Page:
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Rates decision - Property experts comments

The Monetary Policy Committee (MPC) announced yesterday at its third meeting of the year that interest rates will remain unchanged - we take a look at some of the thoughts from property industry leaders on this decision.
 
The rates have stayed at their current figures for well over a year now, having been raised in March last year. Reserve Bank Governor, Lesetja Kganyago, said earlier in the year that the key to keeping interest rates low is to bring inflation down. For the first time since August last year, inflation fell within the target rate of between 3% and 6% last month. The consumer price index (CPI) eased to 5.3% in April, down from the 6.1% in seen March.
 
Herschel Jawitz, CEO of Jawitz Properties said that it was a fantastic opportunity for the Reserve Bank to make a definitive move in the face of declining inflation and a slowing economy to cut interest rates by at least 50 basis points. Adding that due to the uncertainty caused by possible further ratings downgrades and our weakened currency have prevented this. 

Jawitz also said that aside from the positive financial impact of a rate cut on home ownership and affordability, the impact of heightened consumer confidence would have had an equally positive impact on the residential property market. “If consumers feel more confident, they will make longer term spending decisions, of which buying a home is one of the biggest.”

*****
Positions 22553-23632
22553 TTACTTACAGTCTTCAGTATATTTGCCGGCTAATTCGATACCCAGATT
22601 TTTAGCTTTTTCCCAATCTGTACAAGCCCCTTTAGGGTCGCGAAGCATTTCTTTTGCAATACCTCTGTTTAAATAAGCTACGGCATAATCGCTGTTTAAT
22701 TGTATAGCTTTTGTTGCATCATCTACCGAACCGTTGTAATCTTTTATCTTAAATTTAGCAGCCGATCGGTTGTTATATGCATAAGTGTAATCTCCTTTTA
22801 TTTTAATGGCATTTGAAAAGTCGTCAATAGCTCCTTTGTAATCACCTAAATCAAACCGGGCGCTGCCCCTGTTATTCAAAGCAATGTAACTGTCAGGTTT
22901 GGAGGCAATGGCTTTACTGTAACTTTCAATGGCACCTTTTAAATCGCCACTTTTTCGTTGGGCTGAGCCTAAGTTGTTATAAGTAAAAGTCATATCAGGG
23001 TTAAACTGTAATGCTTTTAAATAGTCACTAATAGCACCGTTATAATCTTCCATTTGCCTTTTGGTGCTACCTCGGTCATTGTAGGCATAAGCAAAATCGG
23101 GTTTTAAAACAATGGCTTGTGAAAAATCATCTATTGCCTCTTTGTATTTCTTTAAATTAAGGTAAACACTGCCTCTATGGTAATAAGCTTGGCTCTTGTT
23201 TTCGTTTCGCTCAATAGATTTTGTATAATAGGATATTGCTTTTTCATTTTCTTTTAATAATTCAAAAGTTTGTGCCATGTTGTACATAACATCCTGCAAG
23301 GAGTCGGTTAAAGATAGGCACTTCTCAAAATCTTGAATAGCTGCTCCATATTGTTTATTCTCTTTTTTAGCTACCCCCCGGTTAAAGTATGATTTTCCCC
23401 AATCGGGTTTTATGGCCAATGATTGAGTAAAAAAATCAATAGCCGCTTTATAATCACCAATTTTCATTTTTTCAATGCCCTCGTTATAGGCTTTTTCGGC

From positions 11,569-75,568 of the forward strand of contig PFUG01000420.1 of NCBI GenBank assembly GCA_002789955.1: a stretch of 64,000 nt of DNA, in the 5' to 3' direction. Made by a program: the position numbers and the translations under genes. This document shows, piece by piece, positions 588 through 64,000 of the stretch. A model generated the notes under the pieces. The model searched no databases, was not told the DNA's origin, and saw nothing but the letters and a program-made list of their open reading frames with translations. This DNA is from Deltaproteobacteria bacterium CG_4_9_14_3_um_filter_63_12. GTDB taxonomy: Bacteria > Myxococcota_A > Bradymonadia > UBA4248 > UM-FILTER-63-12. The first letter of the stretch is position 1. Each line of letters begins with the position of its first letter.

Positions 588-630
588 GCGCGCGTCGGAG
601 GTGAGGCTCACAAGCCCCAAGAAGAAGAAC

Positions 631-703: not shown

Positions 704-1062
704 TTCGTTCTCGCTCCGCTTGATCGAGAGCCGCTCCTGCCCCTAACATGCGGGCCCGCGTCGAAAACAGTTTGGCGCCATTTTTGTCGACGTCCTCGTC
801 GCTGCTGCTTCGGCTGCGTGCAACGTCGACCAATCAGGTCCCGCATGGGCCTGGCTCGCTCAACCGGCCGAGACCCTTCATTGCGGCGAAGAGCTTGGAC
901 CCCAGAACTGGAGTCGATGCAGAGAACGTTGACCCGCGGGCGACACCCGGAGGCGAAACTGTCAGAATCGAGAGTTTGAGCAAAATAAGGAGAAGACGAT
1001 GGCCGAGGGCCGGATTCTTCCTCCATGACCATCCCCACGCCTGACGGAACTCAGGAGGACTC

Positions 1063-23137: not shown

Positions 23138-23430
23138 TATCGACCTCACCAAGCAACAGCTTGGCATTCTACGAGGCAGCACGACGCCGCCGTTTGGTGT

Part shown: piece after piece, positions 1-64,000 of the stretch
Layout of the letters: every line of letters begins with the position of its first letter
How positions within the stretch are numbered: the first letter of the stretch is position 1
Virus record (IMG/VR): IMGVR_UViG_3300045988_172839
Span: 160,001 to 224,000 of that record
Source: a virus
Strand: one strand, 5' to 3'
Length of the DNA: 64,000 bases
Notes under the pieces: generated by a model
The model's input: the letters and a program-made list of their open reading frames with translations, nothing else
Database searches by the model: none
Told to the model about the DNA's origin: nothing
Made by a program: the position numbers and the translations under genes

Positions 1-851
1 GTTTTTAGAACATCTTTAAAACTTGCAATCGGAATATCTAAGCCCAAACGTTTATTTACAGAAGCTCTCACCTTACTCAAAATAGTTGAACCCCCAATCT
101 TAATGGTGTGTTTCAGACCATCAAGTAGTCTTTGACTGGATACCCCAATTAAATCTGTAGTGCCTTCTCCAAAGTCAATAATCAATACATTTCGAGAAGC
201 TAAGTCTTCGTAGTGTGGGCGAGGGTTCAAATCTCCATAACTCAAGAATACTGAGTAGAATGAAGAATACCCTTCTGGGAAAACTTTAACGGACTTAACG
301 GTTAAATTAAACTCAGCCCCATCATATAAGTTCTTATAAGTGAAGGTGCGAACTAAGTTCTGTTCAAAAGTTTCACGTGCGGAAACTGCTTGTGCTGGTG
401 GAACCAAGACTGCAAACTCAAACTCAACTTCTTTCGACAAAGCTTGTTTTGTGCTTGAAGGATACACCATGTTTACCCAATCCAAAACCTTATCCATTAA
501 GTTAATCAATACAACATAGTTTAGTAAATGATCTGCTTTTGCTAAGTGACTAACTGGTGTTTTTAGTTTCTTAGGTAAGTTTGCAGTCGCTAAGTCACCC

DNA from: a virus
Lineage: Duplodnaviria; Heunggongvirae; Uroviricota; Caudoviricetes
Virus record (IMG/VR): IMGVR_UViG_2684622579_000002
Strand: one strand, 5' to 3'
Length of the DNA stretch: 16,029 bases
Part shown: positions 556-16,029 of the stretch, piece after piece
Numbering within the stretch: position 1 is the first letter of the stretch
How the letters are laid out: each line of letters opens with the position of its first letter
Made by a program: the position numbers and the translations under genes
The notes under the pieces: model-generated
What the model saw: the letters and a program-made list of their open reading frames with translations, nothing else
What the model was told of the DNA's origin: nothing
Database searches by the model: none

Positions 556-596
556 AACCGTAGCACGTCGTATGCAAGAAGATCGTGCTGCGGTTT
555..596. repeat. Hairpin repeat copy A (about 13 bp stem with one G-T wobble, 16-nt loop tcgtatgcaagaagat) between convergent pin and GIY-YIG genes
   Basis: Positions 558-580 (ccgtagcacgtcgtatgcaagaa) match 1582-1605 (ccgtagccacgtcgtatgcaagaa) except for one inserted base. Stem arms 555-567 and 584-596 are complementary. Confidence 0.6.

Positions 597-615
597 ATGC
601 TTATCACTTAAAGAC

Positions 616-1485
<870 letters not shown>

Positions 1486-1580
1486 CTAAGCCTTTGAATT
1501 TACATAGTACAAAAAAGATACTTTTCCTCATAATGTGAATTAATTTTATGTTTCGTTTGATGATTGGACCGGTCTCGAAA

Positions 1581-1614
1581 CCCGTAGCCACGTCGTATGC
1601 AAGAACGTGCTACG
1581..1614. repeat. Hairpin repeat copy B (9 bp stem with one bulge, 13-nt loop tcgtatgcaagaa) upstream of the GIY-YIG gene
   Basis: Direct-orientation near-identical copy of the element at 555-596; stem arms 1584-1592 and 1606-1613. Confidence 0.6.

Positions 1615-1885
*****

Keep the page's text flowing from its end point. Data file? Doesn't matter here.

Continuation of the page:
Adrian Goslett, Regional Director and CEO of RE/MAX of Southern Africa, says that while many cash-strapped households would have been happy to see the rates cut, there are still benefits to a stable interest rate. “With the country currently in the midst of economic instability, households should see the stable rates as an opportunity to get their finances in order and build up cash reserves where possible. While building financial reserves may be easier said than done with the cost of living increasing consistently, it is advisable for consumers to use this time to cut back on unnecessary spending and put money aside,” he says.
 
According to Goslett, the stable interest rate will assist potential homebuyers to assess their affordability levels and financial readiness to the enter the property market. “It is fair to say that the interest rates will probably stay where they are for the remainder of the year, with a possible cut next year.  The steady rates, along with the recent change in the transfer duty exemption to R900 000 should act as a catalyst in boosting the property market within the affordable housing sector – a sector that already outperforms all other sectors,” says Goslett.
 
He adds that 56.36% of properties sold during the first quarter of this year were priced at R800 000 or below. “The statistics bring to light the high demand for housing within the more affordable pricing brackets,” Goslett concludes. 
 



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